Earlier last month, 72 South Florida veterans visited Washington D.C. through the Honor Flight South Florida Program. The veterans traveled from Miami to D.C. and received a tour of war memorials and other significant military sites.
Among them was Charles Green. Green was one of the ten members from the VFW Post 8195 who had the opportunity to travel and visit the nation’s capital.
Green is an Army veteran who served from 1969 – 1971 and spent eleven months in Vietnam.
“In the army, I was Eleven Bravo which is infantry,” explained Green. “After a couple of months in the service, I became the point man in my group.”
This meant Green was the first man in front of a patrol and the most vulnerable. Green served in one of the most dangerous roles while in Vietnam.
After his time in the service, Green decided to join his local VFW and fellow veterans. It was there he learned of Post-Traumatic Stress Disorder (PTSD).
“I realized I had shut myself down and put everything in the back of my brain,” said Green. “I didn’t remember anything. I realized too that happened to a lot of other people. They just didn’t remember a lot of things.”
Through this realization and the encouragement of those close to Green, he started seeing a counselor. Green participated in sessions and began to recall what he had buried in his subconscious. He was able to sit down and talk with his fellow veterans about different things that happened to them during their military service.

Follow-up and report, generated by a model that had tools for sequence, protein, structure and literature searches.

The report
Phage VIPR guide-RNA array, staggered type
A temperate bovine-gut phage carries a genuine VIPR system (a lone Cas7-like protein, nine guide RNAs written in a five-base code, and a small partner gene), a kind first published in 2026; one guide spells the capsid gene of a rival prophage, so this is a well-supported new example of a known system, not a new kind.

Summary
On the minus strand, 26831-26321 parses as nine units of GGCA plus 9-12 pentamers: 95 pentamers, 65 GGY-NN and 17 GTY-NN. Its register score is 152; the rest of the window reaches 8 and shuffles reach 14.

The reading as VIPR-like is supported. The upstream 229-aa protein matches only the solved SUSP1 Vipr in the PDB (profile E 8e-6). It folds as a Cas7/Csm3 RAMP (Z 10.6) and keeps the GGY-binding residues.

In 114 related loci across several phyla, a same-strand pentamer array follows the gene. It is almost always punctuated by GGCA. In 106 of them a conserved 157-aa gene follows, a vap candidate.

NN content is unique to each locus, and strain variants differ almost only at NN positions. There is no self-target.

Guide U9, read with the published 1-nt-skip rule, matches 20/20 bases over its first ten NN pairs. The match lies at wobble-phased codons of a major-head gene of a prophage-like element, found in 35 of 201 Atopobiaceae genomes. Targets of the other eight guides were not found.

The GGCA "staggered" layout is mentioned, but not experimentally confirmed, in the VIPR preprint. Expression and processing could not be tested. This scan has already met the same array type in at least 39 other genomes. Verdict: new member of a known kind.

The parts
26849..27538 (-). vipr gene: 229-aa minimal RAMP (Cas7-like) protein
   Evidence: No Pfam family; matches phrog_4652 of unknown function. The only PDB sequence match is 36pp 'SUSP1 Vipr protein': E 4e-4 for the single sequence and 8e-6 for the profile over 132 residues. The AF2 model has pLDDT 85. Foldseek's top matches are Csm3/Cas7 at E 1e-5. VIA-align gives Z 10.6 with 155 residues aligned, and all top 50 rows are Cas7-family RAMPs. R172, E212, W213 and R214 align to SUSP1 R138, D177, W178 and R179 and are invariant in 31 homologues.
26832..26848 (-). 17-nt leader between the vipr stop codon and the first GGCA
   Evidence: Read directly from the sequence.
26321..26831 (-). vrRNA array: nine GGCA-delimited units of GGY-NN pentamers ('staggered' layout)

“In a group setting, we understood them, and they understood us,” explained Green.
The same feeling of connection and comradery was shared among the veterans during their honor flight.
“The most enjoyable thing was to be able to take a trip with fellows that you worked with,” shared Green. “You care for them, and they care for you.”
It is the same spirit that the Glades community shares not only for its veterans but for all residents of the area.
Green’s gratitude and appreciation were overflowing for the time and thought put into the Honor Flight.
One of his most memorable moments was during a “mail call” on the flight. Reminiscent of “mail call” in the military, Green received mail from loved ones.
Green was overwhelmed with notes and letters. He received letters of gratitude from family and friends from the Glades, people from the Belle Glade Water Department and elementary and middle school students thanking Green for his bravery and service.
But his favorite part was the arrival at Miami International. Not only were the veterans greeted by uniformed military members, but the families of those veterans were also lined up to celebrate their return.
Unbeknownst to Green, his family was all dressed in matching shirts with his face on them. Even his chaperone was in on the surprise, sneaking off to change into a matching t-shirt. Green recalled them being the loudest family in the whole airport.
“My family did such a good job of cheering, they wanted to give them a job for the next honor flight,” exclaimed Green.
The energy was tangible in the airport that evening. So much so, Green and his family decided to stay and cheer on every other soldier who came through.
“It was absolutely wonderful to get a chance to travel to Washington D.C. and visit these places we wouldn’t normally have seen,” remarked Green. “This experience was unbelievable.”